Comptroller v. CLYDE'S, 11

Decision Date15 October 2003
Docket NumberNo. 11,11
CourtMaryland Court of Appeals

Brian L. Oliner, Asst. Atty. Gen. (J. Joseph Curran, Jr., Atty. Gen., on brief), Baltimore, for petitioner.

Linda M. Schuett, County Atty., Annapolis, Thurman W. Zollicoffer, Jr., City Solicitor, Baltimore, David A. Plymyer, Deputy County Atty., Annapolis, Edward J. Gilliss, County Atty., Towson, Kimberly A. Millender, County Atty., Westminster, Charles W. Thompson, Jr., County Atty., Rockville, A. Frank Craven, III, County Atty., Bel Air, Brief of Amicus Curiae Anne Arundel County, Baltimore City, Baltimore County, Carroll County, Harford County and Montgomery County for petitioner.

K. Donald Proctor (K. Donald Proctor, P.A., Towson; Thomas B. Stone, Jr., Law Office of Thomas B. Stone, Jr., Rockville), all on brief, for respondents.



This case arises out of an admissions and amusement tax sought to be levied by the Comptroller of the Treasury, petitioner, against two restaurants, Clyde's of Chevy Chase, Inc. (Chevy Chase) and Clyde's of Columbia, Inc. (Columbia).1 Clyde's received a hearing before a hearing officer on December 8, 1999 to determine the validity of the assessment. On May 5, 2000, the hearing officer upheld petitioner's assessment and respondent appealed to the Maryland Tax Court. After a November 1, 2000 hearing, the Tax Court issued a written order on November 29, 2000 reversing the hearing officer and denying petitioner's admissions and amusement tax assessment against respondent.

Petitioner sought judicial review in the Circuit Court for Baltimore City and on August 23, 2001, a hearing was held in front of the Honorable Clifton Gordy. Judge Gordy upheld the Tax Court's decision in an order dated October 2, 2001. Petitioner appealed that decision to the Court of Special Appeals. In an unreported opinion filed on January 7, 2003, that court upheld the Tax Court's decision in favor of respondent.2

Petitioner then filed a Petition for Writ of Certiorari with this Court, and, on May 7, 2003, we granted the petition. Comptroller of the Treasury v. Clyde's of Chevy Chase, Inc., 374 Md. 358, 822 A.2d 1224 (2003). Petitioner presents one question for our review:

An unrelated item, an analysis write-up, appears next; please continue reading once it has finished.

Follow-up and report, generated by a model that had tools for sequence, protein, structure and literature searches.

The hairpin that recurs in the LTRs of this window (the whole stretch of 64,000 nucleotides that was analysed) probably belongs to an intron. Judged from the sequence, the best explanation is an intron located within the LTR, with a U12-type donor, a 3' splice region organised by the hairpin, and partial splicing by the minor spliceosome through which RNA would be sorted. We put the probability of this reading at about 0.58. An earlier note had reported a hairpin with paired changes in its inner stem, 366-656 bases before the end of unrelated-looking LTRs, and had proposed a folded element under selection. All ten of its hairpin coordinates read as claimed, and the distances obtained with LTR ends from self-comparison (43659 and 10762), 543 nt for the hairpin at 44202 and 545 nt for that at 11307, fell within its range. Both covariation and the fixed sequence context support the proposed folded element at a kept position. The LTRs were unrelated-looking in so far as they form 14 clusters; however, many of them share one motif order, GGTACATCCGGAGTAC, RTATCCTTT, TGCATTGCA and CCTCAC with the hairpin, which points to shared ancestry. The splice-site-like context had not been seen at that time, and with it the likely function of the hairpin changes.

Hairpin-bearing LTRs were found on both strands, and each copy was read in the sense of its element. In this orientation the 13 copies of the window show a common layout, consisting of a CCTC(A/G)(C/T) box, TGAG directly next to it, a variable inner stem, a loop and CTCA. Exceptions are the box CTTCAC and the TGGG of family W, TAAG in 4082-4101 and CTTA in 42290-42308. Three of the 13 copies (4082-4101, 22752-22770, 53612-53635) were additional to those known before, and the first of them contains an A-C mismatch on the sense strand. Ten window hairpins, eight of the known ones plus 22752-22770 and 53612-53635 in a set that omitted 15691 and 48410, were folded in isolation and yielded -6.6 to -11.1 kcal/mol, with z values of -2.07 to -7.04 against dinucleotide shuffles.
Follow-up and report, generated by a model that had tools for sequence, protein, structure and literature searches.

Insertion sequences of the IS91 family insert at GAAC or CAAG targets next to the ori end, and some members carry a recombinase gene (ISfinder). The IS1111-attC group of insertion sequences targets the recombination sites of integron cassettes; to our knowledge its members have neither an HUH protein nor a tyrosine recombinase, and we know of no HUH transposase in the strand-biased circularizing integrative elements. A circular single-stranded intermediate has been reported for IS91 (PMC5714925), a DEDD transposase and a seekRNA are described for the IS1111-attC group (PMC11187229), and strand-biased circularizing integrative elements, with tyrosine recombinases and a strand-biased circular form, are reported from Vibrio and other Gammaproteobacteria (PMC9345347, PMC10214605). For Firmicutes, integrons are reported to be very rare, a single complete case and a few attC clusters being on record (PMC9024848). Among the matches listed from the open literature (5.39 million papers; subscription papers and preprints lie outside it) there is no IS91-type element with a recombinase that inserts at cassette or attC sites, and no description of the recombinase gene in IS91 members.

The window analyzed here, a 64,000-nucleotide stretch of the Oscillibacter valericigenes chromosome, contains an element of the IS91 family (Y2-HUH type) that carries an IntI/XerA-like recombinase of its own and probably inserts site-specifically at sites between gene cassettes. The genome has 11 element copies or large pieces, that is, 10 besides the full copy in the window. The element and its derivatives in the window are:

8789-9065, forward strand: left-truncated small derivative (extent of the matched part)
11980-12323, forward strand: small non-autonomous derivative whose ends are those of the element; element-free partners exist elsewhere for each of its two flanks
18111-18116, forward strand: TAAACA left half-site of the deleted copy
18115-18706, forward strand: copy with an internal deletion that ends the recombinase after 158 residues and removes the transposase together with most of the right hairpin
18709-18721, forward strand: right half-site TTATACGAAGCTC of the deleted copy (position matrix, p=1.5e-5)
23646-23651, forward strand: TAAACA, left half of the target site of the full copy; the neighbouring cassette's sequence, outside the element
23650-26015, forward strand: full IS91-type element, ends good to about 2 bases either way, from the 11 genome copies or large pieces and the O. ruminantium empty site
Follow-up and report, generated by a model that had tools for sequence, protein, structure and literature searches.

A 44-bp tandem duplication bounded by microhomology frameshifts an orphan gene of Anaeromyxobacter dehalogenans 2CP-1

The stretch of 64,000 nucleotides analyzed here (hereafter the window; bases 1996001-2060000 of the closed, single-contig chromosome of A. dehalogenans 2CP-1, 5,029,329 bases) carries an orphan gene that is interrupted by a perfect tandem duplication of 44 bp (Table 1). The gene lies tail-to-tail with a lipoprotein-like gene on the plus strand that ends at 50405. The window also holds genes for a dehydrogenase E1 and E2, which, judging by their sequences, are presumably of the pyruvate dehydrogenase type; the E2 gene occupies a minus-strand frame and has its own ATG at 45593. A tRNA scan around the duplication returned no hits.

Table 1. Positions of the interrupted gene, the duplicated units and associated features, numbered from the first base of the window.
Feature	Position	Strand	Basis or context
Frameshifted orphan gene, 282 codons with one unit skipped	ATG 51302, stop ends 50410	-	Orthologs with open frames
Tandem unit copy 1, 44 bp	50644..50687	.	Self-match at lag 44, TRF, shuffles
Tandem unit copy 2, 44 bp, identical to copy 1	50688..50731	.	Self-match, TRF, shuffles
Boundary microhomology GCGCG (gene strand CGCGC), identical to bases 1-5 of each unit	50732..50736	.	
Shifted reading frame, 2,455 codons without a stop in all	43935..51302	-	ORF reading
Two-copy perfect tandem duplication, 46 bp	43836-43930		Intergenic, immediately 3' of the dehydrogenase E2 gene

"Did the lower courts erroneously hold that the gross receipts that are derived from the sale of refreshments and that pay for entertainment at a restaurant are not subject to the State's admissions and amusement tax because the refreshments are not sold `in connection with entertainment' within the meaning of ? 4-101(b)(1)(v) of the Tax General Article?"

We answer the question in the negative and hold that ? 4-101(b)(1)(v) requires a direct financial nexus between the sale of refreshments and entertainment provided by the establishment. Under the specific facts of the case sub judice, where the restaurant providing the music charged no cover or admissions charge, required no minimum purchase by its patrons during periods of live music and did not inflate its refreshments' prices during the playing of the live music, the Tax Court's determination that the refreshment sales were not "in connection with" the entertainment is correct. Accordingly, we affirm the judgment of the Court of Special Appeals.

I. Facts

Clyde's Restaurant Group3 (Clyde's) operates the two Maryland restaurants involved in the dispute in the case sub judice. One restaurant is located in Chevy Chase while the other is located in Columbia.

A. Clyde's of Chevy Chase, Inc.

The Chevy Chase location, which opened in 1995, is a two-floor restaurant comprising of around 16,000 square feet. The main dining area is located at street level just inside the primary entrance. This area is a nonsmoking area that accommodates 298 customers. The bar area, known as the Race Bar due to its classic auto racing theme,4 is located one floor below street level. The Race Bar, where smoking was permitted, contains a hardwood floor section with an oval bar in the center of the room with approximately 80 to 90 bar stools surrounding it. Encircling the bar is a carpeted section with 120 booths for dining. At the end of the room is a raised stage/display area which is approximately six feet deep. Musicians hired by Clyde's perform in this stage area on certain nights.

To enhance the restaurant's ambiance, increase revenue, expand patronage, and maintain a varied atmosphere in the Race Bar area, the Chevy Chase location provides music. Three nights per week the music is live in the Race Bar. The restaurant provides background music played through a cable music system at lunch and on the remaining nights of the week. The type of music played is dependent on the night of the week and occasion. The cable system generally plays easy-listening and background music.5 On Friday nights, a traditionally busy night for restaurants, the restaurant hires a disc jockey to play CDs in the Race Bar.6 The manager specifies the general type of music to be played, but the disc jockey decides the specific songs to be played. Testimony revealed that the music played on Friday nights tended to be played at a much higher volume than that of the cable music system. On Saturday nights, a "three to five piece group" plays an upbeat style of music.7 The final night of live music consists of either a Wednesday night easy-listening duo or a Thursday night jazz duo or trio. All musicians play on the stage area.